If you’ll allow me to get a little hipster for a second you’ll be pleased to find out that I’ve been into the whole Multiplayer Online Battle Arena (MOBA) scene since it first found its roots way back in Warcraft 3. Back then it was just another custom map that I played along with all the other customs I enjoyed, mostly because I suffered from some extreme ladder anxiety. Since then I’ve played my way through all of the DOTA clones that came out (Heroes of Newerth, Leaggue of Legends and even that ill fated experiment from GPG, Demigod) but none of them captured me quite as much as the seemingly official successor, DOTA 2, has.
Defense of the Ancients 2 should be familiar to anyone who played the original DOTA or one of the many games that followed it. In a team of 5 you compete as single heros, choosing from a wide selection who all have unique abilities and uses, pushing up one of three lanes with a bunch of NPC creeps at your side. The ultimate goal is the enemies ancient, a very well defended building that will take the concerted effort of all team members to reach and finally, destroy. There are of course many nuances to what would, on the surface, seem to be a simple game and it’s these subtleties which make the game so engrossing.
When compared to its predecessor that was limited by the graphics engine of WarCraft 3 DOTA2 stands out as a definite improvement. It’s not a graphical marvel, much like many of the MOBA genre, instead favoring heavily stylized graphics much like Blizzard does for many of their games. The recent updates to DOTA2 have seen some significant improvements over the first few initial releases both in terms of in-game graphics and the surrounding UI elements. Valve appears to be heavily committed to ensuring DOTA2’s success and the graphical improvements are just the tip of the iceberg in this regard.
Back in the old days of the original DOTA the worst aspect of it was finding a game and then hoping that no one would drop out prematurely. There were many 3rd party solutions to this problem, most of which were semi-effective but were open to abuse and misuse, but none of them could solve the problem of playing a game with similarly skilled players. DOTA2, like nearly every other MOBA title, brings in a matchmaking system that will pair you up with other players and also brings with it the ability to rejoin a game should your client crash or your connection drop out.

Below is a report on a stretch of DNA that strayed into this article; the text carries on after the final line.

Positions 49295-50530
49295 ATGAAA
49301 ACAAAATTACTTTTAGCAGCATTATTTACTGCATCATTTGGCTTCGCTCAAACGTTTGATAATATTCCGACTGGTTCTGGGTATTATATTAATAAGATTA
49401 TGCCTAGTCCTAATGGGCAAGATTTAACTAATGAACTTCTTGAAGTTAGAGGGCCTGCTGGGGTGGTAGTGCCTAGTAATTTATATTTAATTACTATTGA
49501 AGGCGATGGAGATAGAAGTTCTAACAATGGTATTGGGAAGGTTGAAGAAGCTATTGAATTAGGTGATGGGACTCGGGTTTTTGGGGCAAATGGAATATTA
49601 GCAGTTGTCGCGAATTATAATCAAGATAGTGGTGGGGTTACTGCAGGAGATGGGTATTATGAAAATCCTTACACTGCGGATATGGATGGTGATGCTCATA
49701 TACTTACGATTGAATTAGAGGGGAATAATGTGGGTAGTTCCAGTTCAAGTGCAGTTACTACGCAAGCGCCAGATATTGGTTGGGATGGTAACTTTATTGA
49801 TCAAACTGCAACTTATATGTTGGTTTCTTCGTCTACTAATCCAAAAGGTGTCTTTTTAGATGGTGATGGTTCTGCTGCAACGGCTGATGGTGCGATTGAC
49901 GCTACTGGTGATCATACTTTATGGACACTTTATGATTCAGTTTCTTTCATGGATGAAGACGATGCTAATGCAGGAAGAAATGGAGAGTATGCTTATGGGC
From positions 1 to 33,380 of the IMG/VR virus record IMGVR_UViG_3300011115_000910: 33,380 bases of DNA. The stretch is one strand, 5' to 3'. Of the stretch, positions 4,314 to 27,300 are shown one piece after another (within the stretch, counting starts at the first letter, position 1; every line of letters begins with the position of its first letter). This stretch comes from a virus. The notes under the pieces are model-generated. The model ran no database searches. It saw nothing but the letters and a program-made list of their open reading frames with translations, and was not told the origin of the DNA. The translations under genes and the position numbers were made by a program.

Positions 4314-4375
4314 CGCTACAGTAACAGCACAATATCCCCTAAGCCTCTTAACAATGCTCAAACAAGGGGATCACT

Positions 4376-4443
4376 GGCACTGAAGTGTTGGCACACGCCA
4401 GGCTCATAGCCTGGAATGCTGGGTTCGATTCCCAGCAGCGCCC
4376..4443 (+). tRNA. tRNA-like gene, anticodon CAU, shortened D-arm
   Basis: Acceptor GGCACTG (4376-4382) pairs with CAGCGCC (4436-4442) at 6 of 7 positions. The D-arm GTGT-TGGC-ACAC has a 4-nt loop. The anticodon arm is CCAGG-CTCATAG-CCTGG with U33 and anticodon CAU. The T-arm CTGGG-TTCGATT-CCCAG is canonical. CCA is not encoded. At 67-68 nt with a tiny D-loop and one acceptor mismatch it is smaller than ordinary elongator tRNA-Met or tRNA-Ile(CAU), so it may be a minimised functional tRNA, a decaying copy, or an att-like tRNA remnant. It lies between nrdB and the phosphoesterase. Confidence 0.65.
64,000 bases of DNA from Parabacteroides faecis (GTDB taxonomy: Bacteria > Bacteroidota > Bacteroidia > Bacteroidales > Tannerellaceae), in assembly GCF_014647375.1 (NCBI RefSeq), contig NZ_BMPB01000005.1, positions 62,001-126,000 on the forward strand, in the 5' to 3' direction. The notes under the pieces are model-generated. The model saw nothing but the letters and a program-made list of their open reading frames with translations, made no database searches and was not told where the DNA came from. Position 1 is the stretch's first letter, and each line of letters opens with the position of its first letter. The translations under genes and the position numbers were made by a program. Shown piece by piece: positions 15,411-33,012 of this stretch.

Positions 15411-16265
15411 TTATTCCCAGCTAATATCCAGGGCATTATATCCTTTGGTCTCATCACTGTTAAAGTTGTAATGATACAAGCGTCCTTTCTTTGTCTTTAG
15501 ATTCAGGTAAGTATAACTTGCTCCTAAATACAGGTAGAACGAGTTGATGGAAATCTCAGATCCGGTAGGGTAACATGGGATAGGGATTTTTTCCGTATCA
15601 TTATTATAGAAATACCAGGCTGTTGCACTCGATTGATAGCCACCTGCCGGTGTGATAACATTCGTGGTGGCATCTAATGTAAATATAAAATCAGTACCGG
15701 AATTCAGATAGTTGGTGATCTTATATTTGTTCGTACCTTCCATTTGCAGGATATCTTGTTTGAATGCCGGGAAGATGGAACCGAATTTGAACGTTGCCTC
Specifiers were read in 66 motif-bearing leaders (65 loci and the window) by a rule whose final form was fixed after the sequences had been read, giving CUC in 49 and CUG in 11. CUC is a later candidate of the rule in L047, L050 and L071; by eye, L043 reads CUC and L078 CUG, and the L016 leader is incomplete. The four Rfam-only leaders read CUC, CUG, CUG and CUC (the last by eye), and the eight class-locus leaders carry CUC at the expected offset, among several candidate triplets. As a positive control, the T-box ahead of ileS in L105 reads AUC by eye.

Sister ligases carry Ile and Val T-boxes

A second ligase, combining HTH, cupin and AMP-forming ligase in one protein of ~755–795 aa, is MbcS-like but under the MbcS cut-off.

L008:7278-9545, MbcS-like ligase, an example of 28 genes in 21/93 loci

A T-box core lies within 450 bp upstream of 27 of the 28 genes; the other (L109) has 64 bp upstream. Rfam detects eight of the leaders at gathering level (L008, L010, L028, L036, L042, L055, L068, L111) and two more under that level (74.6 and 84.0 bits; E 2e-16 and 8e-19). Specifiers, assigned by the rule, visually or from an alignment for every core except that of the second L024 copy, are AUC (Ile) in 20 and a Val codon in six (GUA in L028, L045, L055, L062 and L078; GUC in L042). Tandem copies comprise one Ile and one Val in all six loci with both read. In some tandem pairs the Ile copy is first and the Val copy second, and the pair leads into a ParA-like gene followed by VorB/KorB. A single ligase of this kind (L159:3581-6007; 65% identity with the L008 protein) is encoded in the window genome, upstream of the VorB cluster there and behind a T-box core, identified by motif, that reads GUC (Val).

Unfortunately since DOTA2 is still in beta the matchmaking system is not yet entirely working as I believe it’s intended to. It does make the process of finding, joining and completing a game much more streamlined but it is blissfully unaware of how skilled a potential player is. What this means is that the games have a tendency to swing wildly in one teams favour and unlike other games where this leads to a quick demise (thus freeing you up toplay again) DOTA instead is a drawn out process and should you decide to leave prematurely you’ll be hit with a dreaded “abandoned” mark next to your record. This is not an insurmountable probelm though and I’m sure that future revision of DOTA2 will address this issue.
The core gameplay of DOTA2 is for the most part unchanged from back in the days of the original DOTA. You still get your pick from a very wide selection of heros (I believe most of the AllStars team are in there), the items have the same names and you still go through each of the main game phases (laneing, pushing, ganking) as the game progresses. There have been some improvements to take away some of the more esoteric aspects of DOTA2 and for the most part they’re quite welcome.
Gone are the days where crafting items required either in depth knowledge of what made what or squinting at the recipe text, instead you can click on the ultimate item you want to craft and see what items go in to make it. Additionally there’s a list of suggested items for you hero which, whilst not being entirely appropriate for every situation, will help to ease players into the game as they learn some of the more intricate aspects of iteming a character correctly. It’s still rather easy to draw the ire of players who think they know everything there is to know about certain characters (I’ll touch more on the community later) but at least you won’t be completely useless if you stick to the item choices the game presents for you.